This brings us back to my example of using the Dexcom CGM whilst out running 25 marathons in a month. I do not have good hypoglycaemia awareness; the shaky and shivery implications deserted me long ago as a rebellious adolescent. Marathon or no marathon, it goes without saying that to be able to not only detect a hypo through the irritating alert sound of a ‘baby crying’ (as I have active on the Dexcom G5 settings for low glucose levels) but to be informed by alerts and the arrows on my phone app that my levels are lowering is advantageous. It allows me to act with time on my side to prevent a serious hypo – something I know personally how serious it can be, with the scars on my eyebrows to this day representing the evidence. An untreated serious hypo can even lead to a diabetic coma, something of which I was very fortunate to wake out of in 2008 after being unconscious for 3 hours.
Running continued marathons is extreme! And it is incredibly aerobic – maintaining a consistent pace whilst burning energy in exercise for many hours each day. The anticipated glucose level impact of this endurance is to decrease continuously during activity, and quite possibly again later on post activity. Despite such a challenge in conjunction with my diabetes, I only encountered 4 mild hypo levels throughout the entire month of running. The credit for this, alongside the valuable nutritional advice of Ms Chinchilla, goes to the use of mobile technology: being able to keep a step ahead of my diabetes in order to coordinate the best decisions from carbohydrates to insulin.
LeicestershireDiabetes.org.uk, supported by Diabetes Care UHL, East Midlands Ambulance Service & University of Leicester NHS, share that “hypoglycaemia is costly for patients and for the NHS. People with diabetes fear hypoglycaemia as highly as the risk of development of serious complications. The annual UK cost of hospital admissions and ambulance callouts is estimated to be £16.9 million.”
The threat of a serious hypoglycaemia can be life-threatening on a ‘short-term’ scale; whereas the threat of developing serious complications is a ‘long term’ issue, both of which can be greatly reduced by 2 crucial aspects: better forms of diabetes education and better access to advanced technologies – technologies which are out there and on the market, yet, in most cases self-funded. We have a great, social-healthcare system in the U.K – as a type 1 diabetic it does genuinely keep me alive by providing the resources I need – so I’m grateful to what we currently have; however, when you consider the day-to-day challenges which diabetes of all types brings, in particularly in type 1 diabetes where there’s a balance of the above short-term & long term risks apparent, the question has to be asked: why isn’t the best equipment to manage health – a continuous glucose monitoring system – available on the NHS??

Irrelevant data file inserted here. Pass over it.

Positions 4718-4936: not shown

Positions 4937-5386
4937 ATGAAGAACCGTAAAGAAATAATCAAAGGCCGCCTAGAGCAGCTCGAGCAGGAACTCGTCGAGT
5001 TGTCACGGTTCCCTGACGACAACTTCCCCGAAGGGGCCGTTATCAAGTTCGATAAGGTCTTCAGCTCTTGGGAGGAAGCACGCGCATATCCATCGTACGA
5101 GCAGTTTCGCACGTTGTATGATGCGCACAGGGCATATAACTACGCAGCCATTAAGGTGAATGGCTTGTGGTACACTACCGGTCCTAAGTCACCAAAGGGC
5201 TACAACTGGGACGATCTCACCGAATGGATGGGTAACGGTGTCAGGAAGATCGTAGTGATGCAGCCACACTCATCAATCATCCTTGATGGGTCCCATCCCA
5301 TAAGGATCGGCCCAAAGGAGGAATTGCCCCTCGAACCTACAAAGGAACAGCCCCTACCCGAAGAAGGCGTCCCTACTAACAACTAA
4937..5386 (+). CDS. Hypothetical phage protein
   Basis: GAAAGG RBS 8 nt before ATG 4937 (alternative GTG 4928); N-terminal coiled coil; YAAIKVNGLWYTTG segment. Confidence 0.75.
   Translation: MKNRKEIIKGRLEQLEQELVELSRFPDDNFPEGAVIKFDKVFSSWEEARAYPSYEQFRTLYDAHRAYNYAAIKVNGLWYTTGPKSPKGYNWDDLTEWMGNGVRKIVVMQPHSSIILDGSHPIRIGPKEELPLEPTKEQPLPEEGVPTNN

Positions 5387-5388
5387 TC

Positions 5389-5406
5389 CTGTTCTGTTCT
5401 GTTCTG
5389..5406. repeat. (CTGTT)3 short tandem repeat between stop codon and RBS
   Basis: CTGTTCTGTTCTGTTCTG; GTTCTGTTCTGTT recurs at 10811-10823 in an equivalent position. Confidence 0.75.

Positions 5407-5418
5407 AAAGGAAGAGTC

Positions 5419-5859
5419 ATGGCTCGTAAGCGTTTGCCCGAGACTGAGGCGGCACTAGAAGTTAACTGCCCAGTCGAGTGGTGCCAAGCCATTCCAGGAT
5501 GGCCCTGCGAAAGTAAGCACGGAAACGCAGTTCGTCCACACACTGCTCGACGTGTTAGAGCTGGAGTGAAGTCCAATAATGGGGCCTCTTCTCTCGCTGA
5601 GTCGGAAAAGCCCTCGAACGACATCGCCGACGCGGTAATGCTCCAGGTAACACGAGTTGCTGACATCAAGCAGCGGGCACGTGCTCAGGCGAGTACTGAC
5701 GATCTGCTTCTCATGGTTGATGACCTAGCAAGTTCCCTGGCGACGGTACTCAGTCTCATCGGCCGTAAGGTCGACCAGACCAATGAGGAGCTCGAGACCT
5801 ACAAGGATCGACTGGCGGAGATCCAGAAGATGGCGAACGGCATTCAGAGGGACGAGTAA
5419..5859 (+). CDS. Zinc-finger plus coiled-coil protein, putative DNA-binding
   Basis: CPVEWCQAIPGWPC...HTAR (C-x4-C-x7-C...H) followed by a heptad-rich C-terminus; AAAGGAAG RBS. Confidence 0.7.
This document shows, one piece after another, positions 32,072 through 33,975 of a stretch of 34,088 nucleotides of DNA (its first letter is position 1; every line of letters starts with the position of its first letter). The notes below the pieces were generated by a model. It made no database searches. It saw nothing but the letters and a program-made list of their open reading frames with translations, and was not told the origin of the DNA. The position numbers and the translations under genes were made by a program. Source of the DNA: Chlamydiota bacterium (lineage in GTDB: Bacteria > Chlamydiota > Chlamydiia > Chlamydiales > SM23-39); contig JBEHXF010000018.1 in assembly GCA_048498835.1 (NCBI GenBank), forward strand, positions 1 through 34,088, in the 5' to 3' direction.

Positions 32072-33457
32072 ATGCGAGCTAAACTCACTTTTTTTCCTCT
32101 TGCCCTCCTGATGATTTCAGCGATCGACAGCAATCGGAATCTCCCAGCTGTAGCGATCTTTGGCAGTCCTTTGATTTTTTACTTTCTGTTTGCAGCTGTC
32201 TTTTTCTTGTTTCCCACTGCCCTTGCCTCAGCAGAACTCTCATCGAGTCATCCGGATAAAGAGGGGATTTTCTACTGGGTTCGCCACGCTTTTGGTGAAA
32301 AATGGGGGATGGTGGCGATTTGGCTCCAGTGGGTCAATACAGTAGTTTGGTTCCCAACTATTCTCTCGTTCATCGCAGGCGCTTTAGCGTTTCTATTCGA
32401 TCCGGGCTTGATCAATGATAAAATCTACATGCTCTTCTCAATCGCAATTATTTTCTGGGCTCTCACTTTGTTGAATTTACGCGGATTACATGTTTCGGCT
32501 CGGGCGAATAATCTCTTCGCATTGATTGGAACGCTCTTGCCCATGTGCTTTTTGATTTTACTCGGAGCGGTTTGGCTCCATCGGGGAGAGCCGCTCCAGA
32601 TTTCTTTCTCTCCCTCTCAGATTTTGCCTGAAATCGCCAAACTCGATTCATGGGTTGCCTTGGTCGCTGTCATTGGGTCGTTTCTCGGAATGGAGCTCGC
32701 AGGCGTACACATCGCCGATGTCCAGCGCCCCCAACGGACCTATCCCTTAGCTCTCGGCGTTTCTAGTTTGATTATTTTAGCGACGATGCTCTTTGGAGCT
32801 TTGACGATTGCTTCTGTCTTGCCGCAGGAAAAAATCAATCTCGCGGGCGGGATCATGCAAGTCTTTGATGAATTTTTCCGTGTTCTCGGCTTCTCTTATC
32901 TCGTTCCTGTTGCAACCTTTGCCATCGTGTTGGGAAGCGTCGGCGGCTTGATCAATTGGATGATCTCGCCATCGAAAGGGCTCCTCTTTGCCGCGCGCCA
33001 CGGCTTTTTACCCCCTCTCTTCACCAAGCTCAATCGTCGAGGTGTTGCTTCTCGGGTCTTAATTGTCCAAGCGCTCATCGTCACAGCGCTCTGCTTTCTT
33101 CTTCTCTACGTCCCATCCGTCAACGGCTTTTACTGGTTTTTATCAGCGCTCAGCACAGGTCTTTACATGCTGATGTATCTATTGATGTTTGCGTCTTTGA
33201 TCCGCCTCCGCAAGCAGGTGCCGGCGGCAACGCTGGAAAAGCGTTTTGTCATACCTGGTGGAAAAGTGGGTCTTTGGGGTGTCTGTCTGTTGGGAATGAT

The short-sighted answer will come down to costs…
On the contrary, you can understand an initial reaction to the higher costs there have been towards this new technology on the market, which keeps updating and evolving. Access to continuous glucose monitoring does need to be more cost effective, this is a diverse issue stretched location to location around the world – similar to the crucial resource of insulin! – A person’s health accessibility should not come down to a person’s postcode. The more the technology comes onto the market we start to see decreases on prices. Dexcom now share that their cost of a continuous glucose monitoring system is “on average GBP £160-£220 monthly, depending on how you use the product.” We have seen in recent times the Libre come more accessible onto the NHS budget – depending on the postcode still – and in some cases, CGMs such as the Dexcom occasionally do get funded, so the signs are positive there, but all round instead of a short-term look at the costs sheet, the long term picture needs to be considered towards the advantages for health. At present the majority of people can’t really afford to pay privately for such beneficial technologies for their health, especially young adults. Even the cost of an extra £50-£100 per month is too much for many in the present day, on top of the costs of rent, meals, phone bills etc – we didn’t purchase diabetes, people need more support.